|Scientific Name:||Apristurus longicephalus|
|Species Authority:||Nakaya, 1975|
|Taxonomic Notes:||The genus Apristurus contains at least 32 described species and a relatively large number of potentially undescribed ones. Morphological conservatism and, until recently, a lack of objectively defined characters makes this one of the most taxonomically confused shark genera (Compagno 1984, Nakaya and Sato 1999).
Nakaya and Sato (1999) defined three species groups within Apristurus: the longicephalus-group (two species), brunneus-group (20 species) and spongiceps-group (10 species). The longicephalus-group is characterized by a long, narrow snout (prenarial length > 6.4% TL). A. longicephalus is readily distinguished from A. herklotsi, the other member of the group, by a higher spiral valve count (13 to 17 c.f. 10 to 11 in A. herklotsi), a shorter snout (pre-oral length always 12.3% TL), and fewer tooth rows (36 to 44 and 31 to 41 rows upper and lower jaws c.f. 49 to 57 and 49 to 58 rows). A longicephalus is unique amongst the Apristurus species in having a duodenum almost as long as the valvular intestine. Both species have a continuous supraorbital sensory canal, and similar numbers of monospondylous vertebrae (Nakaya 1988a, 1988b, 1991, Nakaya and Sato 1999).
|Red List Category & Criteria:||Data Deficient ver 3.1|
|Assessor(s):||Duffy, C. & Huveneers, C.|
|Reviewer(s):||Kyne, P.M., Cavanagh, R.D. & Fowler, S.L. (Shark Red List Authority)|
Apristurus longicephalus is recorded over the continental slope at depths of 500 to 1,140 m with a scattered range around Japan, the Seychelles and Northern Australia. Taken as bycatch in deepwater trawl fisheries but at present there is insufficient information available to assess this species beyond Data Deficient.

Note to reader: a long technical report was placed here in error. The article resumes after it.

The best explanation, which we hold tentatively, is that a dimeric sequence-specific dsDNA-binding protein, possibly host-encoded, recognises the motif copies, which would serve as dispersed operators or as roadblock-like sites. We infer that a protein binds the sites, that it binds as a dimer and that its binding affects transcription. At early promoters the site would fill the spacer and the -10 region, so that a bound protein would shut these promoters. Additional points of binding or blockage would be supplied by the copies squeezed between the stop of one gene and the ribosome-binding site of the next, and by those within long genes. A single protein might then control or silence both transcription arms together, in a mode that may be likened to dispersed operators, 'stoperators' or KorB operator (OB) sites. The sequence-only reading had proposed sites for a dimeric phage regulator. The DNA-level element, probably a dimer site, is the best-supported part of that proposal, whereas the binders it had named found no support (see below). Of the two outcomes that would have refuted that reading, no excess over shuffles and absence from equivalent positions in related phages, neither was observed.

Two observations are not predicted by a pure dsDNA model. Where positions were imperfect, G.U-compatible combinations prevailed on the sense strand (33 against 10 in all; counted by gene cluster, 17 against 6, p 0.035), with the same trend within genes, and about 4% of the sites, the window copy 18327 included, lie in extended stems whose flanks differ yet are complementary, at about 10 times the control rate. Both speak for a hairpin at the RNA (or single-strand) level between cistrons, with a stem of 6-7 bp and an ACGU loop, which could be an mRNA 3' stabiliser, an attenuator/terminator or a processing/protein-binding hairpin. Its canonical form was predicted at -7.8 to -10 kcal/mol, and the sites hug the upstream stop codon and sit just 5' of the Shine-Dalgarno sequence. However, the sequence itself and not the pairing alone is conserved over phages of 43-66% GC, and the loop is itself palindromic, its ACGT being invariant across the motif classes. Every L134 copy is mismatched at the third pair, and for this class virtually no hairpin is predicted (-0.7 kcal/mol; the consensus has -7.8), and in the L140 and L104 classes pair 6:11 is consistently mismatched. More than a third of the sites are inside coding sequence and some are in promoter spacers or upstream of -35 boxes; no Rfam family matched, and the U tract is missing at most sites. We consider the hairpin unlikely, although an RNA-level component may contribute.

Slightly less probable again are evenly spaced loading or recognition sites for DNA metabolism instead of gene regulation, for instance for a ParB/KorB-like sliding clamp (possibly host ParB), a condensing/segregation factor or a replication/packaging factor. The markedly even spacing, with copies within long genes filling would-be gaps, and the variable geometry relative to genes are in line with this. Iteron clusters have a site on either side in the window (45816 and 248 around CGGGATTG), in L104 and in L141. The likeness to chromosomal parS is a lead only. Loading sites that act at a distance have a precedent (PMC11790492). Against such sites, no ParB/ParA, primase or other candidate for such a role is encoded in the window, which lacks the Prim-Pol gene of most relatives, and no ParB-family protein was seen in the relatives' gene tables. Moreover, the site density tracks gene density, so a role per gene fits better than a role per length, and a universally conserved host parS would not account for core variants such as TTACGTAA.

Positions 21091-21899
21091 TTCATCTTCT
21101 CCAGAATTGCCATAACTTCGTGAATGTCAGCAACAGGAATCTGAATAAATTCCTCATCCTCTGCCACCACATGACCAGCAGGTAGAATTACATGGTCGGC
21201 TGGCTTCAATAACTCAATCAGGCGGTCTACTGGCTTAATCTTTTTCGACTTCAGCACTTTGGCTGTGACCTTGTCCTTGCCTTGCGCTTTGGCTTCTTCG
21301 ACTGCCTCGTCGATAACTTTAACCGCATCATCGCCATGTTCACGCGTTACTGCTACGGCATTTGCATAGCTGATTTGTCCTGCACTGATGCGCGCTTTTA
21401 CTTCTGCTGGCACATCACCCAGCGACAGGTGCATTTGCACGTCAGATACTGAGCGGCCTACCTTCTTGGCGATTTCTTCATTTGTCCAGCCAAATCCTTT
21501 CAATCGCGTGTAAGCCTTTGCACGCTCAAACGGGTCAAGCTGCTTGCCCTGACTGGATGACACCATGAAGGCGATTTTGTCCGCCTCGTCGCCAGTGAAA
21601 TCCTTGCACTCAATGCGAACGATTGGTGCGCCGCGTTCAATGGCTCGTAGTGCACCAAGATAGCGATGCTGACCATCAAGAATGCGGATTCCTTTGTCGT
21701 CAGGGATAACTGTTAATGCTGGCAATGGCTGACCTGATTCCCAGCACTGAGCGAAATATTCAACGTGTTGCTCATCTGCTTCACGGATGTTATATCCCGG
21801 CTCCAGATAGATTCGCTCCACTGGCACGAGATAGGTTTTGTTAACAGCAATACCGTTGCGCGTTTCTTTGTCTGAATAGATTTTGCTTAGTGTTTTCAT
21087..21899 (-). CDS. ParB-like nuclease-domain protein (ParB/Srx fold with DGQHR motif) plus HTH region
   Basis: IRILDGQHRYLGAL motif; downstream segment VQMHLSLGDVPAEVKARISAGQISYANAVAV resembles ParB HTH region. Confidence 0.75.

|Range Description:||The species occurs off southern Japan (Tosa Bay, Shikoku Island; Okinawa Trough, East China Sea); Seychelles, southwest Indian Ocean; Australia (North West Cape and Ashmore Reef, Western Australia; and off Townsville, North Queensland).|
Native:Australia (Queensland, Western Australia); Japan (Shikoku); Seychelles
|FAO Marine Fishing Areas:||
Indian Ocean – eastern; Indian Ocean – western; Pacific – northwest; Pacific – western central
|Range Map:||Click here to open the map viewer and explore range.|
|Current Population Trend:||Unknown|
|Habitat and Ecology:||
A. longicephalus occurs over the continental slope at 500 to 1,140 m depth. Maturity information is only available for a single 39 cm TL female, which had a small undeveloped ovary (Nakaya 1988a). Males mature at 42 cm TL and reach at least 50.1 cm TL (Nakaya 1988). Male size at maturity is smaller than the other Japanese species (A. herklotsi, A. macrorhynchus, A. platyrhynchus and A. japonicus) suggesting A. longicephalus is a relatively small species (Nakaya 1988a). Diet is unknown.
Apristurus species are relatively small, sluggish sharks that live on or near the bottom. Diet includes crustaceans (penaeid shrimps, euphausids), squids and small fishes. Where known reproduction is oviparous with one egg per oviduct. Egg cases are usually thick-walled and about 5 to 6.8 cm long and 2.5 to 2.9 cm wide. The anterior end of the case has a long weak fibrous thread on each corner. The posterior end usually has two small processes, each with a long coiled tendril. As in shallow water scyliorhinids the coiled tendrils are probably used to attach the egg cases to hard substrates and/or biogenic structures as they are laid.
|Major Threat(s):||Deepwater trawl fisheries. Other species of deepwater Chondrichthyans are known to be captured as bycatch in deepwater fisheries. As these fisheries expand globally, consideration needs to be given to the fact that this species too may be captured incidentally in deepwater fisheries.|
|Conservation Actions:||No conservation measures are currently in place for this species.|
|Citation:||Duffy, C. & Huveneers, C. 2004. Apristurus longicephalus. The IUCN Red List of Threatened Species 2004: e.T44217A10873363. http://dx.doi.org/10.2305/IUCN.UK.2004.RLTS.T44217A10873363.en . Downloaded on 04 October 2015.|
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